My Father’s Wars:
Migration, Memory and the Violence of a Century

“My father was born into war,” begins this remarkable saga in Alisse Waterston’s intimate ethnography, a story that is also twentieth century social history. This is an anthropologist’s vivid account of her father’s journey across continents, countries, cultures, languages, generations—and wars. It is a daughter’s moving portrait of a charming, funny, wounded, and difficult man, his relationships with those he loved, and his most sacred of beliefs. And it is a scholar’s reflection on the dramatic forces of history, the experience of exile and immigration, the legacies of culture, and the enduring power of memory.

“In this book, I start with the personal for clues to broader histories. The narrative is largely based on my father’s narrative of his life history—his actual words, and the texture of his voice. I was lucky to have many rich and multiple sources—passports, letters, old tapes and new, books, memories, and my mother’s unpublished memoir. I worked with what remained—pulling material apart, rearranging, preserving, even tearing in some places—to tell a story and a history that are at once separate and together.”  — Alisse Waterston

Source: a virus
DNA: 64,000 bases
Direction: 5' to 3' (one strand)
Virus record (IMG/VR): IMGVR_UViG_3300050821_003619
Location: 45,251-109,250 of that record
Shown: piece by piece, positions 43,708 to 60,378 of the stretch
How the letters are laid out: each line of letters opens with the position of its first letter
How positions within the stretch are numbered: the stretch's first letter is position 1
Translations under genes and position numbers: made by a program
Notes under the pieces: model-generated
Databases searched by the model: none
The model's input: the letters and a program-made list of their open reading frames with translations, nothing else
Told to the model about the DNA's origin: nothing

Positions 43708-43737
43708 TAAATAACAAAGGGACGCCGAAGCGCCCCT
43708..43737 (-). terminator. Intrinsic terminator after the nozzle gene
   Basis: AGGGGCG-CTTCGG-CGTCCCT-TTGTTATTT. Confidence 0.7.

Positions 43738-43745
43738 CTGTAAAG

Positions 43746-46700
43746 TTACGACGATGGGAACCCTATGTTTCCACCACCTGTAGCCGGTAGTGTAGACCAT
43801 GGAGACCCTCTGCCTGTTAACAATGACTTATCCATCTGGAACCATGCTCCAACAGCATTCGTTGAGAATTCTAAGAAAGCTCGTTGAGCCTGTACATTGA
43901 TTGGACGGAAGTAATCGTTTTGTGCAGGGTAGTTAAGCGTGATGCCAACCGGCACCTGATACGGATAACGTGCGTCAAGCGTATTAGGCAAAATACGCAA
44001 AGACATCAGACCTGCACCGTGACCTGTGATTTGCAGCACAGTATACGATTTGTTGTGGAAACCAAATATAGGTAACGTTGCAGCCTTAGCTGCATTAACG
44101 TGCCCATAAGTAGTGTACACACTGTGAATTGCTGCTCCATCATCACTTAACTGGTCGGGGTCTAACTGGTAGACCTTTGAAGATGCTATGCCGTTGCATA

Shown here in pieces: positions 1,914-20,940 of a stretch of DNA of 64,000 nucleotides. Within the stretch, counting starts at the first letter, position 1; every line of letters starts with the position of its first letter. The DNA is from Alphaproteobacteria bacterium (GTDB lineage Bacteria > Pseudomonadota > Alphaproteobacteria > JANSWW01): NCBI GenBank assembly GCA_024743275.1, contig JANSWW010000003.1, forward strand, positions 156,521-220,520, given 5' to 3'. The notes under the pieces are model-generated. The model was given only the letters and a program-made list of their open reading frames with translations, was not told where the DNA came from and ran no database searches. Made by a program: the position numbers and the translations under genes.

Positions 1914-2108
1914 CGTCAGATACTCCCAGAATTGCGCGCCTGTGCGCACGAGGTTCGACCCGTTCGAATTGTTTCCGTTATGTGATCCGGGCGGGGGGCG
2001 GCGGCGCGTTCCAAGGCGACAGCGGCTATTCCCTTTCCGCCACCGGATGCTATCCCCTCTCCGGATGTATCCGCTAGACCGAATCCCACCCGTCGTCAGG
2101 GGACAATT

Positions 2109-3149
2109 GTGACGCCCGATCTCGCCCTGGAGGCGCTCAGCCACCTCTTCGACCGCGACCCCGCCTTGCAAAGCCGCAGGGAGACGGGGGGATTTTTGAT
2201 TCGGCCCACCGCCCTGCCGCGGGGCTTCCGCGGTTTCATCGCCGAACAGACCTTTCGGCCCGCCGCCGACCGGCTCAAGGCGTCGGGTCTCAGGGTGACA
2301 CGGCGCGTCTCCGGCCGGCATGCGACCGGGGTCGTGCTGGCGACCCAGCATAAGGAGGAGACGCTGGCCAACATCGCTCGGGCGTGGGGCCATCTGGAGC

Find out more about My Father’s Wars by exploring the unique features in the Story Companion:

Chapter 01 | Chapter 02 | Chapter 03Chapter 04 | Chapter 05 | Chapter 06

Chapter 07 | Chapter 08 | Chapter 09 | Chapter 10 | Chapter 11 | Chapter 12

Epilogue | Afterword | Addendum